—. Dramatism and Development. Barre, MA: Clark University Press, 1972. Print.

—. A Grammar of Motives. Berkeley, CA: University of California Press, 1969. Print.

—. "The Study of Symbolic Action." Chimera 1 (Spring 1942): 7-16. Print.

—. "The Tactics of Motivation." Chimera 1 (1943): 21-33 and Chimera 2 (1943): 37-53. Print.

Chesebro, James W. "Extensions of the Burkeian System."Quarterly Journal of Speech 78 (1992): 356-368. Print.

Condit, Celeste Michelle. "Post-Burke: Transcending the Sub-stance of Dramatism."Quarterly Journal of Speech 78 (1992): 349-355. Print.

Hyvarinen, Matti. "Life as Narrative' Revisited." Partial Answers: Journal of Literature and the History of Ideas. 6.2 (2008): 261-277. Print.

Jameson, Fredric. "The Symbolic Inference; Or, Kenneth Burke and Ideological Analysis. Critical Inquiry 4.3 (1978): 507-523. Print.

Kuhn, Thomas S. The Structure of Scientific Revolutions. 2nd ed. Chicago, IL: University of Chicago Press, 1970. Print.

Melia, Trevor. "Scientism and Dramatism: Some Quasi-Mathematical Motifs in the Work of Kenneth Burke." The Legacy of Kenneth Burke. Eds. Herbert W. Simons and Trevor Melia. Madison: The University of Wisconsin Press, 1989. 55-73. Print.

Rountree, Clarke. "Coming to Terms with Kenneth Burke's Pentad." American Communication Journal 11.3 (1990). Web. 7 September 2008.

Yoos, George E. "Rev. of Making Stories: Law, Literature and Life, by Jerome Bruner." JAC 23.2 (2003): 459-463. Print.

—. Reframing Rhetoric: A Liberal Politics Without Dogma. New York: Palgrave MacMillan, 2007. Print.

Creative Commons License
This work is licensed under a Creative Commons Attribution-NonCommercial-NoDerivatives 4.0 International License.

Analyzing a Performative Text through Cluster Criticism: Hegemony in the Musical Wicked as a Case Study

Valerie Lynn Schrader, Penn State Schuylkill


This article proposes an extension of Burkean cluster criticism to include performative elements of a musical theatre text. Using the musical Wicked as a case study, this article uses cluster criticism to analyze Wicked’s script, cast recording, sheet music, and fieldnotes from three performances to reveal messages about hegemony.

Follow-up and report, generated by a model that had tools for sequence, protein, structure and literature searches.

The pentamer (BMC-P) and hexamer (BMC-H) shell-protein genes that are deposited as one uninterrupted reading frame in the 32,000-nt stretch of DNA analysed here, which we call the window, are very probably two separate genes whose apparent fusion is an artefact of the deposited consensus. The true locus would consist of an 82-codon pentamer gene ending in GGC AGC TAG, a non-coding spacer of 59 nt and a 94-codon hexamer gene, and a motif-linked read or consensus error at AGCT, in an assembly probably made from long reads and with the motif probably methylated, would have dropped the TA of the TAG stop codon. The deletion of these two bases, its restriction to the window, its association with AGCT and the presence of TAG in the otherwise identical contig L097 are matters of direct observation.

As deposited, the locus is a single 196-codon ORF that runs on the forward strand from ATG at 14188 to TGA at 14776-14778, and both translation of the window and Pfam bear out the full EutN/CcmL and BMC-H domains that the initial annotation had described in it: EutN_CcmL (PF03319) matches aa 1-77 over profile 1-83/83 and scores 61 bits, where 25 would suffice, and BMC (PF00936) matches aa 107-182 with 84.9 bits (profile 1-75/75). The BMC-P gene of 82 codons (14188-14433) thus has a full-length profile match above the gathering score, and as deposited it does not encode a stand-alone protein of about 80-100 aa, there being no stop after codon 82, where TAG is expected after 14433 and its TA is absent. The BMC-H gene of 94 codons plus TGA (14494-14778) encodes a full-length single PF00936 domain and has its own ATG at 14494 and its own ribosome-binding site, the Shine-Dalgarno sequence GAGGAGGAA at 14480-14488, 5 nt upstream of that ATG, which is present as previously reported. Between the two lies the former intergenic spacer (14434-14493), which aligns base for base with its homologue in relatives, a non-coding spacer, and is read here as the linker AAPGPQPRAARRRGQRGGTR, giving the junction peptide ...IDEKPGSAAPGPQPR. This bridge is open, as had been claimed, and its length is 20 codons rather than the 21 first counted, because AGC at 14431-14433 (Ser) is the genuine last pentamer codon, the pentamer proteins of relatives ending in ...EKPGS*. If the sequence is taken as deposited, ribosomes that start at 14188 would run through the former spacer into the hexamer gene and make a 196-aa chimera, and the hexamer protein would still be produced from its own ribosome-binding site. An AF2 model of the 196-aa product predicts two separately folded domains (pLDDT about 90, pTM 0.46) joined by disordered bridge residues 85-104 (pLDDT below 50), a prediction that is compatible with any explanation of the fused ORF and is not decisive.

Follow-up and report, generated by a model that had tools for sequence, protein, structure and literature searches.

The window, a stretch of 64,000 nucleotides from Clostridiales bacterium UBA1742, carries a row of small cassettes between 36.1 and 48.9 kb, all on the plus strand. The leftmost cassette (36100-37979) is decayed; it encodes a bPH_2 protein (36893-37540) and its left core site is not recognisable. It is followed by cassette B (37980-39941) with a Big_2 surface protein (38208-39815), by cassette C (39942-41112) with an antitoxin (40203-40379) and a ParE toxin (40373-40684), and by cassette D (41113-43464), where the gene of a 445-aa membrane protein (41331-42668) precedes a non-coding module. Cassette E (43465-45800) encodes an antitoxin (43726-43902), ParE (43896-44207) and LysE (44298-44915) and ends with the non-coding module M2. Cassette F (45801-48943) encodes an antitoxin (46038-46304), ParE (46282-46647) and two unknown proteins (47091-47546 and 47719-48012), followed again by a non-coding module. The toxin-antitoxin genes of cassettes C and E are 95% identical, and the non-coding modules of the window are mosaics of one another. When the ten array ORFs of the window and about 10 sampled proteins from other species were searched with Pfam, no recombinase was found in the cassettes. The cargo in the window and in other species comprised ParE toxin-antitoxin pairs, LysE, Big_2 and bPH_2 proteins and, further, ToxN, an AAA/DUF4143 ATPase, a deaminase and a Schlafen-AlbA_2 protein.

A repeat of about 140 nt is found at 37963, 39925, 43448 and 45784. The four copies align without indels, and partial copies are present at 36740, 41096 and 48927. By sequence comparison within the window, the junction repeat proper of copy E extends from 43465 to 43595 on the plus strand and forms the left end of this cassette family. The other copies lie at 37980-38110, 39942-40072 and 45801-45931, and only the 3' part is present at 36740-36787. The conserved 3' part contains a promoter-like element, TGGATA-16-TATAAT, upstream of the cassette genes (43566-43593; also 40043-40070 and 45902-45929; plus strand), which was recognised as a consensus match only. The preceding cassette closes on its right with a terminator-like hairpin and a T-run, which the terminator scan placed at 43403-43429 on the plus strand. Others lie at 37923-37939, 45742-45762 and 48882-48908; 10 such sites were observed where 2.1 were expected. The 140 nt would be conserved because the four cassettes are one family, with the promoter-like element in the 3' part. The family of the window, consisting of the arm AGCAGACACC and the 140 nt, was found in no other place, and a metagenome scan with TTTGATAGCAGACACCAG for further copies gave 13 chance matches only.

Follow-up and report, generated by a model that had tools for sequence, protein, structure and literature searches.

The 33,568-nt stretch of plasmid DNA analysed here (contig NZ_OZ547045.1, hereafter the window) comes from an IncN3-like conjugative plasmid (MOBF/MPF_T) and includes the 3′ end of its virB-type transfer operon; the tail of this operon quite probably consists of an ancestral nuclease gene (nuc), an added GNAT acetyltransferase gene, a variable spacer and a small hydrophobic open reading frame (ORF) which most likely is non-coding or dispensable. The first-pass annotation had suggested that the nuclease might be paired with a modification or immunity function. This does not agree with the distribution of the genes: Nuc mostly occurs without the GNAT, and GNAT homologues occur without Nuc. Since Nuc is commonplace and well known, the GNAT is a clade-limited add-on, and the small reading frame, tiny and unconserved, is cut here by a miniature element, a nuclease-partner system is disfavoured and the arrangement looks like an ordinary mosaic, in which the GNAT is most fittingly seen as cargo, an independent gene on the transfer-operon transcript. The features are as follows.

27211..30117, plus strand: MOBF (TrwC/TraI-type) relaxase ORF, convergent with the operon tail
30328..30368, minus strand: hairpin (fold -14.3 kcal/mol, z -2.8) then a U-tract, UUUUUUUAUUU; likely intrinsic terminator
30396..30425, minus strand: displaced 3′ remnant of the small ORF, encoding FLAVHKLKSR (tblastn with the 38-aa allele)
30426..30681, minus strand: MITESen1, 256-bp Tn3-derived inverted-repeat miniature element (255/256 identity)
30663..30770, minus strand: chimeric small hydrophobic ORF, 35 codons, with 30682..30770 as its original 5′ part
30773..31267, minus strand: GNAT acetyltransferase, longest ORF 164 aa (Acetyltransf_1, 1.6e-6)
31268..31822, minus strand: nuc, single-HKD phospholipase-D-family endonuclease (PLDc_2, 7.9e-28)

At the end of the first act during the Broadway performance of Wicked on July 11, 2009, the Wizard of Oz (P.J. Benjamin) urged Elphaba (Nicole Parker) to cast what she believes is a levitation spell on the Wizard’s pet Monkey,1 Chistery (played by understudy Brian Wanee). However, the Wizard and his new press secretary, Madame Morrible (Rondi Reed) tricked Elphaba into casting a spell that caused Chistery and the other Monkeys to sprout wings and shriek in pain. As the Monkeys ran around the stage, the Time Dragon, a giant mechanical dragon at the top of the proscenium, moved back and forth with its eyes blazing red. In fact, everything on stage became red.

“Such wing span!” Reed as Madame Morrible declared grandiosely, admiring the flying Monkeys. “Oh, won’t they make perfect spies!”

Parker’s eyes widened, signifying that Elphaba is horrified. “Spies?”

“You’re right, that’s a harsh word,” Benjamin as the Wizard replied. “What about scouts? That’s what they’ll be really. They’ll fly around Oz, and report any subversive Animal activity…”

Parker stiffened her stance; Elphaba can’t believe what she’s just heard. “So it’s you?” she asked. “You’re behind it all?”

Benjamin used a calm, explanatory vocal tone that made his character sound like a father explaining a difficult concept to a young child. “Elphaba, when I first got here, there was discord and discontent. And where I come from, everyone knows: The best way to bring folks together is to give them a really good enemy.”